April 04, 2021
When bass flood the banks in the spring to spawn, it can be easy pickings for any reasonably skilled, technically competent angler. The fish move to predictable areas, often the same ones year after year, and while they may not be actively feeding, their territoriality leads them to bite. By the time we reach the heart of summer, fish are similarly locked into likely areas and, as the song goes, “livin’ is easy.” On southern impoundments, they’ll move to current breaks on the river channel, while on rivers they may bury up in the thickest grass mats. Find the sweet spots and you can load the boat without moving it.
All of that predictability is welcomed, but it only represents transient snapshots in time. Between those two magic moments, there’s a time period when the fish are neither spawning, nor summering. Some anglers refer to it as the “postspawn funk.”
If you look at the ecosystem more comprehensively, however, largemouths can be every bit as predictable during this supposed tough time. Just focus on fish other than the bass you are chasing – whether they are the recently hatched fry, or other species that interact with your prey. As Rick Clunn reputedly said, sometimes “if you want to understand the owl, study the mouse.”
While the sequence of the movements may be predictable, their timing might not be. “I truly believe that it’s controlled by water temperature,” said seven-time Bassmaster Classic qualifier Chad Morgenthaler. “It’s something that most people just don’t consider. It’s not the same exact movement every year.”
Louisiana pro Clark Reehm agreed that the fish can be sequenced, but that a variety of factors play a role in how it shakes out.
“There’s often no reason for the fish to leave the shallow cover until the water is out of it,” he said. “There’s a smorgasbord of bait in there. On Sam Rayburn, for example, the fish won’t get out deep until the water leaves what we call the hay grass. They’ll spawn around the bushes or the trees, then move to the hay grass, and then finally out to the hydrilla after that. In some cases, they never have to go deep.”
If you’re despairing over tough fishing during this “in between” time, here are three key patterns that will help you to jump start your search for a big limit.
1. Fry Guarders
The big girls don’t spend much time on the beds, but they remain nearby even after the fry hatches. Thus, rather than looking for them in traditional summertime areas, Morgenthaler will look first to the nearby drops and flats. “They won’t be far from where they spawned,” he said. “Maybe 200 or 300 yards. By mid-summer they could be a mile or two away.”
“Every system is a little bit different,” he added. “But I typically focus in the 6- to 10-foot range. Non-current systems will warm a bit quicker, but it’s all relative. The basic rule is that you just want to reverse the spawning process and focus on anything that looks good within a half mile.”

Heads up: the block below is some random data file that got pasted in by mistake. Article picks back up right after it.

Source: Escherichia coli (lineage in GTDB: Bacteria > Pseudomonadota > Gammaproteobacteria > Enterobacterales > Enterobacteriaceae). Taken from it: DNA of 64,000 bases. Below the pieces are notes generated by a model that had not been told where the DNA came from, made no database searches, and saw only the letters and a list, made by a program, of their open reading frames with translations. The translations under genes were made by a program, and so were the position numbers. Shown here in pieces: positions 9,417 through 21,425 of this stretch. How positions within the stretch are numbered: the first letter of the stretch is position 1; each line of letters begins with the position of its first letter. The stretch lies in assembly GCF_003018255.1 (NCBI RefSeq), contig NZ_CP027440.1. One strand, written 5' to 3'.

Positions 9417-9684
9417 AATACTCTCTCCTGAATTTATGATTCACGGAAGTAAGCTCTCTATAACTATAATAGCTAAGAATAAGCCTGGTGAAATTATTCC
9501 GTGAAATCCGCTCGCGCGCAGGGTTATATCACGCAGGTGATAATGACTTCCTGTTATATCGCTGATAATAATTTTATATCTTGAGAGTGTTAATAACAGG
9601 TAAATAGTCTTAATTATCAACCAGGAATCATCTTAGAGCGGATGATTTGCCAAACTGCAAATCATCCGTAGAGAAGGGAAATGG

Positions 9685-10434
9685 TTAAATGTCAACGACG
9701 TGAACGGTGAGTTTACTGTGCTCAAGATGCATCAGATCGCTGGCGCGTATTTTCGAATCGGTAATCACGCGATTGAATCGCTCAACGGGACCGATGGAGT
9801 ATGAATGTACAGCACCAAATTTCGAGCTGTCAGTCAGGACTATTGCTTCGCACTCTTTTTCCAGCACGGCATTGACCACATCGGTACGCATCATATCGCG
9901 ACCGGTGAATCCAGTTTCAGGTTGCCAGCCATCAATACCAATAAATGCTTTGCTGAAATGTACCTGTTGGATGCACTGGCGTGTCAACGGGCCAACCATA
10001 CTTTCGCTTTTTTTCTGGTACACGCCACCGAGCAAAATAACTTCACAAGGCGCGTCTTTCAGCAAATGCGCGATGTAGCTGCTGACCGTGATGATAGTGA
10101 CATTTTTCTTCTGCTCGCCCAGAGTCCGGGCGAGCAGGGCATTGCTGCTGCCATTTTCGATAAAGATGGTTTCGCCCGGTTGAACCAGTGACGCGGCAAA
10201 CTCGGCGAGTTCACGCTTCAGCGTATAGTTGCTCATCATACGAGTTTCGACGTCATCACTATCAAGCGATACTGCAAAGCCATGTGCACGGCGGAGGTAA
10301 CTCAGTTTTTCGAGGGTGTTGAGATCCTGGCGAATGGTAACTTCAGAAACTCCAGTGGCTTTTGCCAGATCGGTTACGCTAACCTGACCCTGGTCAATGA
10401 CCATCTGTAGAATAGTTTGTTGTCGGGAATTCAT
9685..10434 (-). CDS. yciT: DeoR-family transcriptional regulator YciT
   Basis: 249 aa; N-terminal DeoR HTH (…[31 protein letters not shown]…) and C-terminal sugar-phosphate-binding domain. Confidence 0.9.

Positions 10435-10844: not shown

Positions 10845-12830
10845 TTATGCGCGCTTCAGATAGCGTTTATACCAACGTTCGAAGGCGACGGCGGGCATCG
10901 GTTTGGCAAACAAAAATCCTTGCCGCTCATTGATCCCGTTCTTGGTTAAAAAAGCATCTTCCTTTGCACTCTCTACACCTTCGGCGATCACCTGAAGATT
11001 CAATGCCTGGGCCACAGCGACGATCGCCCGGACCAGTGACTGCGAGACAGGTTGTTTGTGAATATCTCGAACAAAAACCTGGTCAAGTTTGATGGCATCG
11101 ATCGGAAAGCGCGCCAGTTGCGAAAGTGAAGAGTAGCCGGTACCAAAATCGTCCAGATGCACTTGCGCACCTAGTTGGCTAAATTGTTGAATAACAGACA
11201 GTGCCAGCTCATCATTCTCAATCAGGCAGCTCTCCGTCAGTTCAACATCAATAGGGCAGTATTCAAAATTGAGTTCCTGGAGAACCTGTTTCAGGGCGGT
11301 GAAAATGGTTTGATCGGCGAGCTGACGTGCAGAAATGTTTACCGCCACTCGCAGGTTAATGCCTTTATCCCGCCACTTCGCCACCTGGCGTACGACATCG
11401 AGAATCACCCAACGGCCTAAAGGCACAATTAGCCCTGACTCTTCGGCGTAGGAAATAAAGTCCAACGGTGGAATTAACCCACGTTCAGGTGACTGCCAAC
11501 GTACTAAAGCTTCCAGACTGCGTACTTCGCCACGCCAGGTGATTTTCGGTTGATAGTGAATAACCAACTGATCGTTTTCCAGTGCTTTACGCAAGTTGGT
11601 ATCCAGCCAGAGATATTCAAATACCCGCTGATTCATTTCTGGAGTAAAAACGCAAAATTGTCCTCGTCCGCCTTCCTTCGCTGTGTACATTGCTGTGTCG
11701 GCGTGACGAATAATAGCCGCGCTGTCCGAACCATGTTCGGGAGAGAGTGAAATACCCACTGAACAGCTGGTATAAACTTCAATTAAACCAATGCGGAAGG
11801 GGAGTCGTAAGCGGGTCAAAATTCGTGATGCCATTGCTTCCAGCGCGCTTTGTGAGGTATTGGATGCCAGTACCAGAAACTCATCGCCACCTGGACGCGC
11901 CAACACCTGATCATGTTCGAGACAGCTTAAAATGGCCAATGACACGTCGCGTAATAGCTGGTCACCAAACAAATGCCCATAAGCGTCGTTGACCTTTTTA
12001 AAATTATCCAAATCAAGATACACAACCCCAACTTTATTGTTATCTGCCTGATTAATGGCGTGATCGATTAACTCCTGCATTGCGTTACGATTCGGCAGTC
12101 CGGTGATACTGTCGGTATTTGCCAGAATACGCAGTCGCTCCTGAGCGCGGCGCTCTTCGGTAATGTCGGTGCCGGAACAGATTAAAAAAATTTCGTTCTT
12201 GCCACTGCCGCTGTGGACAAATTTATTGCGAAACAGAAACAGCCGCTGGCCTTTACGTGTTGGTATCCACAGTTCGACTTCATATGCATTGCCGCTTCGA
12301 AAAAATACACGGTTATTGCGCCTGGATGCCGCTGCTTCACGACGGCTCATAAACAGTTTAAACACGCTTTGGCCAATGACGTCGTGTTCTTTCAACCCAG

On an impoundment like Kentucky Lake, any of the major creeks have shell beds, docks and drops that can keep them happy for up to a month and a half. “They don’t leave until they’re uncomfortable.”
While the larger females may be skittish, the longer-working males may be at their most vulnerable. They’ll hang around to guard the young fry, and that’s when Morgenthaler goes to work on them.
“They may be a ways away from where they spawned, but they’ll go wherever they can to get away from open water and they will always be real shallow,” he said. “They want to keep out of the wind and with their backs against the wall in the top 3 to 4 inches of the water column.”
He’ll cover water with a buzzbait and advised to “pay attention to each and every cast.” When he sees the fry – which often looks like specks of ground pepper in the water – break the surface, that’s when he knows he’s in the zone.
“When you see them scatter, that’s when you put the brakes on and drop the Power-Poles. Your eyes are your No. 1 friend. That fish may be as much as 10 to 15 feet away, but he will react if you can make the right cast. They’ll be easiest to catch on a topwater, but you can catch them on something slow-sinking like a Senko, too. They’re difficult to catch on the bottom.”
While the buzzbait and the toad are his locator tools, once he has a fish in his sights, that’s when he picks up a Pop-R, a Senko or a small soft swimbait, with a special emphasis on bluegill colors. “Those are the natural predators of the fry,” he explained. “I lean toward anything with green and orange.”
2. Panfish Beds
When he’s not traveling to fish the Tackle Warehouse Pro Circuit or guiding, Reehm’s greatest passion is trying to fill a cooler with monstrous redear sunfish. He sees nearly as many big bass in that pursuit as he does when he’s specifically targeting bass, and that has led him to understand that “bream beds are a major deal throughout the south.”